The Walking Dead, Season 1, Lookback

Zombies. Good lawd they are popular these days. So, how do you reinvigorate a tired genre?

I still remember the warm fuzzy feeling I got in 2010 when Marc Buxton told me that AMC, in a move of unprecedented brilliance, would be creating a television series based on Robert Kirkman and Tony Moore’s The Walking Dead. Like all die-hard fans of print material destined to undergo The Change, my hopes were extremely high. I could not believe they had commissioned a short, six episode season (which indicated that they were aware of the risks inherent in this undertaking) with an expansive budget. Hallelujah! This would allow the quality of each episode to be above par (a fact that was immediately apparent in the gorgeous cinematography), while the limited amount of overall show time would force the writers and actors to bring their A game. Very few networks understand the value of quality over quantity and AMC’s execution of the first season was beautifully done.They should have stuck to this formula. Sadly, it became immediately apparent in Season 2 that this was not a lesson the AMC executives quite grasped. The six episode run turned out to have been a mere toe they used to test the water; a reasonable risk considering the legions of fans already in place. The risks paid off and three seasons and three show runners later, AMC is trying to beat their zombie horse to death. What has the show devolved into? A beautifully shot and acted hour long Hyundai Tucson commercial.

But I digress.

We are here to consider the greatness that was TWD’s first season, which was one of the finest pieces of programming ever produced for television. Oh yes, I went there.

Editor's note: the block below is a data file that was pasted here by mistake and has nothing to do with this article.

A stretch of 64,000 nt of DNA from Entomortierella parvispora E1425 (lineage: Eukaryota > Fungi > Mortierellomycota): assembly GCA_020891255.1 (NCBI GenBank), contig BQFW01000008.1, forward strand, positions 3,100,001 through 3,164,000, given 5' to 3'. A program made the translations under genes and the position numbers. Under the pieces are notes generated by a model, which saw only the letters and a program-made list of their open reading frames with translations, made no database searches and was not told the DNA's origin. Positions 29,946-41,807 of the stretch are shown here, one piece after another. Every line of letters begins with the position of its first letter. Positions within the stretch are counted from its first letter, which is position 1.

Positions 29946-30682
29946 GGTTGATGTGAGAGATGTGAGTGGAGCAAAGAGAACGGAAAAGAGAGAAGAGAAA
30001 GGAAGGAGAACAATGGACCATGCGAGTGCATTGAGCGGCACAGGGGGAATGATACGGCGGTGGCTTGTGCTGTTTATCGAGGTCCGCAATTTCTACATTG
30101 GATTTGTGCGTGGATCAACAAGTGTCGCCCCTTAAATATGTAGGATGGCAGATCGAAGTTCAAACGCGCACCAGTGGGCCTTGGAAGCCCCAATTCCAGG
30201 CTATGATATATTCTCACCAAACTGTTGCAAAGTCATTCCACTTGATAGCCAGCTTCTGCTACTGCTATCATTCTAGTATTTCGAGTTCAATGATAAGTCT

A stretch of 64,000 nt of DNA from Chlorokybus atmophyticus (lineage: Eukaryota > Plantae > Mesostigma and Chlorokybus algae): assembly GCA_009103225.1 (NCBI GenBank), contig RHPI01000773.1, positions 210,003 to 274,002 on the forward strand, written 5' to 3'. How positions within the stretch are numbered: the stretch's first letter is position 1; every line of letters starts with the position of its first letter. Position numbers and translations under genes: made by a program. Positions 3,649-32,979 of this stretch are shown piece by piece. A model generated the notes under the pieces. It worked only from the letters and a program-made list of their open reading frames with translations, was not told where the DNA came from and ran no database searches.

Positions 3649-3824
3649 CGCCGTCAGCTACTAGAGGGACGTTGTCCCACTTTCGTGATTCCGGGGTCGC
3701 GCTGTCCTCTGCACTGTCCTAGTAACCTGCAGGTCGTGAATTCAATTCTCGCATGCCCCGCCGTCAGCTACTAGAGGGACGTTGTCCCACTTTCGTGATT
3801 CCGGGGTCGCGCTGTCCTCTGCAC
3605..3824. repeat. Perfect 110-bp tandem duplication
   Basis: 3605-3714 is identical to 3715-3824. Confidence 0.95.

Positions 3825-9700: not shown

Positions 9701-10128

Zombies. Good lawd they are popular these days. The word used to conjure images of a putrid corpse that wouldn’t die, shambling hungrily after the living. The creature was once human, but its individuality has long since been stripped away. The undead have been reduced to two simple functions: to pursue and to consume. Like all monsters, zombies are manifestations of fear and depending on the cultural climate, that fear can take many shapes. In the past fifty years these narratives have focused primarily on consumption; zombies shamble around malls wearing ruined designer suits and are apt allegories for rampant first world consumerism.

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TWD is a mite different. Sure, there are zombies who inexplicably sit on city buses, congregate on suburban streets and get trapped in hospital cafeterias, but they are not particular to areas that represent extreme capitalism. Instead you get a little undead girl, clutching a scraggly, blood stained teddy bear while walking aimlessly around a highway clogged with empty cars.

A filmmaker once told me that it takes a brave director to literally show the death of a child on screen (instead of merely implying it). It doesn’t test well with audiences; parents don’t like to see that sort of thing. This is the type of imagery that makes the viewer uncomfortable, anxious and possibly even a little sick. The death of a child is an extreme emotional trigger; which is why Darabont did not shy away from showing it.

Viewer discomfort seems to be exactly what Darabont was after. Season 1 of TWD is not run of the mill horror, trying to make you jump from cheap thrills. Darabont set out to make his zombies both scary and deeply disturbing. No mean feat when you consider how anesthetized modern audiences have become after decades of Thriller reruns, zombie novels (World War Z), zombified classic novels (Pride, Prejudice and Zombies), comic books (Marvel Zombies), video games (Left for Dead), cartoons (The Simpsons), iPod apps (Plants vs. Zombies), charity drives (Zombie Walks), survivalist groups (Zombie Squad: We Make Dead Things Deader), modern art (Ezra Li Eismont) and apparel (virtually everything I just mentioned can be found on a t-shirt).

This begs the question: how do you reinvigorate a tired genre? By acknowledging and paying homage to the genre’s masters, by giving your characters heart and motivation and by transforming faceless monsters into sympathetic victims.